Author + information
- Received November 8, 2007
- Accepted December 10, 2007
- Published online March 1, 2008.
- Kasumi Masuda, MSc,
- Toshihiko Asanuma, MD,
- Asuka Taniguchi, MSc,
- Ayumi Uranishi, MSc,
- Fuminobu Ishikura, MD, FACC and
- Shintaro Beppu, MD, FACC⁎ ()
Reprint requests and correspondence:
Dr. Shintaro Beppu, Division of Functional Diagnostic Science, Graduate School of Medicine, Osaka University, 1–7 Yamadaoka, Suita, Osaka 565–0871, Japan.
Objectives The purpose of this study was to investigate the diagnostic value of velocity vector imaging (VVI) for detecting acute myocardial ischemia and whether VVI can accurately demonstrate the spatial extent of ischemic risk area.
Background Using a tracking algorithm, VVI can display velocity vectors of regional wall motion overlaid onto the B-mode image and allows the quantitative assessment of myocardial mechanics. However, its efficacy for diagnosing myocardial ischemia has not been evaluated.
Methods In 18 dogs with flow-limiting stenosis and/or total occlusion of the coronary artery, peak systolic radial velocity (VSYS), radial velocity at mitral valve opening (VMVO), peak systolic radial strain, and the percent change in wall thickening (%WT) were measured in the normal and risk areas and compared to those at baseline. Sensitivity and specificity for detecting the stenosis and occlusion were analyzed in each parameter. The area of inward velocity vectors at mitral valve opening (MVO) detected by VVI was compared to the risk area derived from real-time myocardial contrast echocardiography (MCE). Twelve image clips were randomly selected from the baseline, stenosis, and occlusions to determine the intra- and inter-observer agreement for the VVI parameters.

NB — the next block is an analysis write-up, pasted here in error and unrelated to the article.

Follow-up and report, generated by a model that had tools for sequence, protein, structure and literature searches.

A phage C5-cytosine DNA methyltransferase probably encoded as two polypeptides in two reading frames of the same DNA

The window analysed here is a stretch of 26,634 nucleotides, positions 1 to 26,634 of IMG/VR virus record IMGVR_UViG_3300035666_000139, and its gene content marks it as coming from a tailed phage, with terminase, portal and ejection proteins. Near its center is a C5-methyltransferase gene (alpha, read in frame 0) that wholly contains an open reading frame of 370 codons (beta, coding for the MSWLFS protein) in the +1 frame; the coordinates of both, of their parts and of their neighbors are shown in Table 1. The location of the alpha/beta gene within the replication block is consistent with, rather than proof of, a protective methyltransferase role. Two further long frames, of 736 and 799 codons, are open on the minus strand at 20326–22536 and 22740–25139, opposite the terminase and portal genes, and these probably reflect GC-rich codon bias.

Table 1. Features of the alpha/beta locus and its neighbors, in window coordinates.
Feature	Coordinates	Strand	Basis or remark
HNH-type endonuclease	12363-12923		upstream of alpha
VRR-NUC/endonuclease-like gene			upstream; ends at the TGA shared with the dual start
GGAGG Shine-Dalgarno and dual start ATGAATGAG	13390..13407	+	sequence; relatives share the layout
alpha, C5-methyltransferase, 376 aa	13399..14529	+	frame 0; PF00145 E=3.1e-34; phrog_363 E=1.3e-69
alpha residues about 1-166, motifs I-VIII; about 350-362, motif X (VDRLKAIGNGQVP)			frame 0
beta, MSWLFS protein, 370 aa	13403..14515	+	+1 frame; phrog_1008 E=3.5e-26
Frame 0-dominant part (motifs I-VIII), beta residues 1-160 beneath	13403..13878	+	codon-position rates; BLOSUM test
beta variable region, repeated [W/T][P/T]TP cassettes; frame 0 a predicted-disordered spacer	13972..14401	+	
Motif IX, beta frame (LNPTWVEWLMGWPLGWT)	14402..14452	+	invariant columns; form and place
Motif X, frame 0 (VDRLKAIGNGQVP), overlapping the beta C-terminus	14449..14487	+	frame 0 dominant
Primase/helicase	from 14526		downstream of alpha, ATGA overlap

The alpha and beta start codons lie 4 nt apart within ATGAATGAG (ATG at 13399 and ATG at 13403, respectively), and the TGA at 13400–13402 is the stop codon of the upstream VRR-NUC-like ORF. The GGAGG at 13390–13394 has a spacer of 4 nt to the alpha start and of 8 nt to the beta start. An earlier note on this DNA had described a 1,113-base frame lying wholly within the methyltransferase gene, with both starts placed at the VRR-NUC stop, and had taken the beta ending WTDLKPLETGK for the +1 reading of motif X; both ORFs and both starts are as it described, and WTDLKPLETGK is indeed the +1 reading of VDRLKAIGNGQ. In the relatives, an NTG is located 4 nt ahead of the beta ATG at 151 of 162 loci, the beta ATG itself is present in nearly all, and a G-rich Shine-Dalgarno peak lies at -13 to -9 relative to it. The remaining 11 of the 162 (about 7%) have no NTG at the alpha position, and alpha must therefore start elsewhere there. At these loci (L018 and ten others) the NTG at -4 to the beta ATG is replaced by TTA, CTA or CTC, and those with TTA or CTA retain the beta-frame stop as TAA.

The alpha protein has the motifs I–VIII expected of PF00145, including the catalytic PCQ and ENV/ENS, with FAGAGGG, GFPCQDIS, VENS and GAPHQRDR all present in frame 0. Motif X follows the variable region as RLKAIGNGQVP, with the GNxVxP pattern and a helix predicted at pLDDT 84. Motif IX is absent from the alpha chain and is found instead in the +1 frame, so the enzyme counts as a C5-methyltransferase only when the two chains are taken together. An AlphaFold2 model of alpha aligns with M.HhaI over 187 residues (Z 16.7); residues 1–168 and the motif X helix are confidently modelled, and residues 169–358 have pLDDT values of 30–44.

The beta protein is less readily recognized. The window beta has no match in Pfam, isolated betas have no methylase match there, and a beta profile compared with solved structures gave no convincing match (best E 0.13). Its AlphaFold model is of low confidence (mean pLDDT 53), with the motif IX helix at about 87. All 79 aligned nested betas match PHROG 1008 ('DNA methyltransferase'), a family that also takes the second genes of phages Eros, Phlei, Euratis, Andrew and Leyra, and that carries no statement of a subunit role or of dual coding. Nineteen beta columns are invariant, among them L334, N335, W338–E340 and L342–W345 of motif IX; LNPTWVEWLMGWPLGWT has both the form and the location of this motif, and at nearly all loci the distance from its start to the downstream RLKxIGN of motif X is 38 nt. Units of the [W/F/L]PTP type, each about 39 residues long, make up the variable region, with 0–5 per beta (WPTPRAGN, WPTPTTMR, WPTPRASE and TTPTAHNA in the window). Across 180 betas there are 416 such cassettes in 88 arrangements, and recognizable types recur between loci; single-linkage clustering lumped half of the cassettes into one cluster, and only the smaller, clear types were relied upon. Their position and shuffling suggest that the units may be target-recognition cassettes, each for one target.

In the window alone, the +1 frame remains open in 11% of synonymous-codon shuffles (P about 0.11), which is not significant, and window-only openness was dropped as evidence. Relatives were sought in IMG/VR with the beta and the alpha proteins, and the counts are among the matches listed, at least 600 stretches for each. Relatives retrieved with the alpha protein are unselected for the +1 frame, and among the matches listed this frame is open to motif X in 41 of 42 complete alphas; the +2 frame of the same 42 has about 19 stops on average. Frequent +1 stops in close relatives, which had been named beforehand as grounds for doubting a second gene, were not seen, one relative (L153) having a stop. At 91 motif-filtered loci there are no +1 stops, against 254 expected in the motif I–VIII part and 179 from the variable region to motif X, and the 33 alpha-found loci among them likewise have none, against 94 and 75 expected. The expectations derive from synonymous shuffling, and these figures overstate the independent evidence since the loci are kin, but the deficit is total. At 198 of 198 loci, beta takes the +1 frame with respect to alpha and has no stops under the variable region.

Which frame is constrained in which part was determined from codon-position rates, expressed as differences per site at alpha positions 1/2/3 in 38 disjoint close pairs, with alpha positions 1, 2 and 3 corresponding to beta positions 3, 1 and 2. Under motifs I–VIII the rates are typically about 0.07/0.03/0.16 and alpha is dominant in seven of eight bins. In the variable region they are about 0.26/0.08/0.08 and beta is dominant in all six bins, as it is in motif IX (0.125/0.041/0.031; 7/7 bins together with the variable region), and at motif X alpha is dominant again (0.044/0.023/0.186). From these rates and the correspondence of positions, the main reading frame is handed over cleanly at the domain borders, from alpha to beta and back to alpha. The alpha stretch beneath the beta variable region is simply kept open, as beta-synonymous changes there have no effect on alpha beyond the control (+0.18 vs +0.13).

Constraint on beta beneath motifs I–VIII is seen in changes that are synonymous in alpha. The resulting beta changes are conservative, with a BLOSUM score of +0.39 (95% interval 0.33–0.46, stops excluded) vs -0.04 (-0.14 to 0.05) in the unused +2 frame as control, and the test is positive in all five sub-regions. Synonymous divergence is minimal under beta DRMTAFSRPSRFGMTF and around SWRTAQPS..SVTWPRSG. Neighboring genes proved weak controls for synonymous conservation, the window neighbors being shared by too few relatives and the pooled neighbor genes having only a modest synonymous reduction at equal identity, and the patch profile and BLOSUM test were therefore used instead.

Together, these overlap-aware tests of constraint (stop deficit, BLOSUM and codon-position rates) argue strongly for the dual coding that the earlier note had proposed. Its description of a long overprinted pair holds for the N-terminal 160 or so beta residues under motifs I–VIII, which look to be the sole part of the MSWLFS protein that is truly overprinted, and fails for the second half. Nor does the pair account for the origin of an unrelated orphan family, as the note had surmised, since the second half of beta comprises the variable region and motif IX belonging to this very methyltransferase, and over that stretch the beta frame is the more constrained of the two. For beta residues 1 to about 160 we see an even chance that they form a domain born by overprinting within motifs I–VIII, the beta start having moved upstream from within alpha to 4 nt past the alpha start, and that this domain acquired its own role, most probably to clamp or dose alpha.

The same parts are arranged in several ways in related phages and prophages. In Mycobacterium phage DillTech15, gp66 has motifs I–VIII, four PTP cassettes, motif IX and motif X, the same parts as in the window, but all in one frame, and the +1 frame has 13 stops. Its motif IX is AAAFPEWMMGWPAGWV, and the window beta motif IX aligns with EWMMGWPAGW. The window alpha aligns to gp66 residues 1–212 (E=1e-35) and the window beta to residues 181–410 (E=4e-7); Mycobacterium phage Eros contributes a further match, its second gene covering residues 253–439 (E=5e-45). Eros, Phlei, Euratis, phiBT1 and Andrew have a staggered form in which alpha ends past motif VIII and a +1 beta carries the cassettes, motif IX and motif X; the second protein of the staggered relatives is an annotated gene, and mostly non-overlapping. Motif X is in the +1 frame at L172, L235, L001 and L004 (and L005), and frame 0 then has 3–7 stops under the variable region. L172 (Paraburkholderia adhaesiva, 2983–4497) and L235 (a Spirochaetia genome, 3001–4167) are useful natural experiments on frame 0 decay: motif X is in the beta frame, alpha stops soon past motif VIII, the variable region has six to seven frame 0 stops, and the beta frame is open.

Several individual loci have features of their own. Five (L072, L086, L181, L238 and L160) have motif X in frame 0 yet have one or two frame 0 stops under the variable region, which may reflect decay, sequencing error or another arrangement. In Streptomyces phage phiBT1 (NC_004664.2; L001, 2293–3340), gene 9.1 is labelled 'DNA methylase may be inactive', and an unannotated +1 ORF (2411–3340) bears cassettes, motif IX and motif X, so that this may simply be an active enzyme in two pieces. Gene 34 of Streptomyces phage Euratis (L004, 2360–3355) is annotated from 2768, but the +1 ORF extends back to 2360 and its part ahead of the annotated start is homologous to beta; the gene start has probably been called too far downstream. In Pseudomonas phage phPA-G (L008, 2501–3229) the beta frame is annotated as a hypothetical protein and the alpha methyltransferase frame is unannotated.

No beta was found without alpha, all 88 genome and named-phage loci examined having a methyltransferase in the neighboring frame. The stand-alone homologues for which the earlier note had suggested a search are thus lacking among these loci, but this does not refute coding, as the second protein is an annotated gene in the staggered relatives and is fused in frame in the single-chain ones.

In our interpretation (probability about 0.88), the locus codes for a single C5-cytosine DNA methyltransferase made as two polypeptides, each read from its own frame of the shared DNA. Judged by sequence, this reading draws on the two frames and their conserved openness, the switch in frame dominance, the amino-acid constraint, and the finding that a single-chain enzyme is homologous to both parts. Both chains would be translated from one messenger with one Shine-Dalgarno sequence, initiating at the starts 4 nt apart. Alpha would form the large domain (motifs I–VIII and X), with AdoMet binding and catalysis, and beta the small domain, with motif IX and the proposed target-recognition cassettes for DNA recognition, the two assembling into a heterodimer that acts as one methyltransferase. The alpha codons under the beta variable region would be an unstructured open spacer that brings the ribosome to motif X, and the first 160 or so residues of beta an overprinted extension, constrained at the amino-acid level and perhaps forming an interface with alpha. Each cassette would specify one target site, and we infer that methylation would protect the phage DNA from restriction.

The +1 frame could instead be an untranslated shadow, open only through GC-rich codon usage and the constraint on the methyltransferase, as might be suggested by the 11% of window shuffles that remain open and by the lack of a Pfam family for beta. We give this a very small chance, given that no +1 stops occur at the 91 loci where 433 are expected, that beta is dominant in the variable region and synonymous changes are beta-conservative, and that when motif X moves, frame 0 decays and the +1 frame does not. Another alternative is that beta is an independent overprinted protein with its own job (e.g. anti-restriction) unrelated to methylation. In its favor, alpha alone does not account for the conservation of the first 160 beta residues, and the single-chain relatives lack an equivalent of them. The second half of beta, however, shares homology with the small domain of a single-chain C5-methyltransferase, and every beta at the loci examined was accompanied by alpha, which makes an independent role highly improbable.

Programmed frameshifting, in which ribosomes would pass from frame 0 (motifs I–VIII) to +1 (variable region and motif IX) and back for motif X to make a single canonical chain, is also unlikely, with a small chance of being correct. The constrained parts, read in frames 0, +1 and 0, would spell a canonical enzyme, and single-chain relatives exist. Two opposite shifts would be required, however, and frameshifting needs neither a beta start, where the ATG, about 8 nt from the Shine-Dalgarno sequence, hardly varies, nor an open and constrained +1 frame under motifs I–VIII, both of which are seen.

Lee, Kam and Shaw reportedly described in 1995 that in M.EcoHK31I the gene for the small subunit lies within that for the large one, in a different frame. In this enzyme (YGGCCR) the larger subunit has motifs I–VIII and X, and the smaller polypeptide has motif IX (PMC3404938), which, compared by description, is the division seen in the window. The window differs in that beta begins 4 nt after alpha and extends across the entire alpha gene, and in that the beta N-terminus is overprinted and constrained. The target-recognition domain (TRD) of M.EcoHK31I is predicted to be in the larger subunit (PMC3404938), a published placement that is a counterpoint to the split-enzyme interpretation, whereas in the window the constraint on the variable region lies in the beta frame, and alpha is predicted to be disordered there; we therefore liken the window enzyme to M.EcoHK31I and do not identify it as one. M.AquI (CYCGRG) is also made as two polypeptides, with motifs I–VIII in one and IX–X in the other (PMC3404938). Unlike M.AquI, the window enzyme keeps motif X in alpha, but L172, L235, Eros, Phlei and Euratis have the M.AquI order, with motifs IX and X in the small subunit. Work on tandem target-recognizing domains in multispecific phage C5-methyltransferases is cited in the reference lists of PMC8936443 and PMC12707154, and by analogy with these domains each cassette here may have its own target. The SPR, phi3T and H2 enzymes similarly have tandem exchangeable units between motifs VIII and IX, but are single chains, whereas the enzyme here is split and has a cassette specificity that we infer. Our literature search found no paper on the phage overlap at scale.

Results The left circumflex coronary flow was reduced by 44.3 ± 9.0% during stenosis and completely interrupted during occlusion. During coronary artery occlusion, inward motion at MVO was observed in the risk area. Percent WT, peak systolic radial strain, VSYS, and VMVO changed significantly from values at baseline. During stenosis, %WT, peak systolic radial strain, and VSYS did not differ from those at baseline; however, VMVO was significantly increased (−0.12 ± 0.60 cm/s vs. −0.96 ± 0.55 cm/s, p = 0.015). Sensitivity and specificity of VMVO for detecting ischemia were superior to those of other parameters. The spatial extent of inward velocity vectors at MVO correlated well with that of the risk area derived from MCE (r = 0.74, p < 0.001 with a linear regression).
Conclusions The assessment of VVI at MVO permits easy detection of dyssynchronous wall motion during acute myocardial ischemia that cannot be diagnosed by conventional measurement of systolic wall thickness. The spatial extent of inward motion at MVO suggests the size of the risk area.
Dr. Beppu received a research grant from Mochida Siemens Medical Systems.
- Received November 8, 2007.
- Accepted December 10, 2007.
- American College of Cardiology Foundation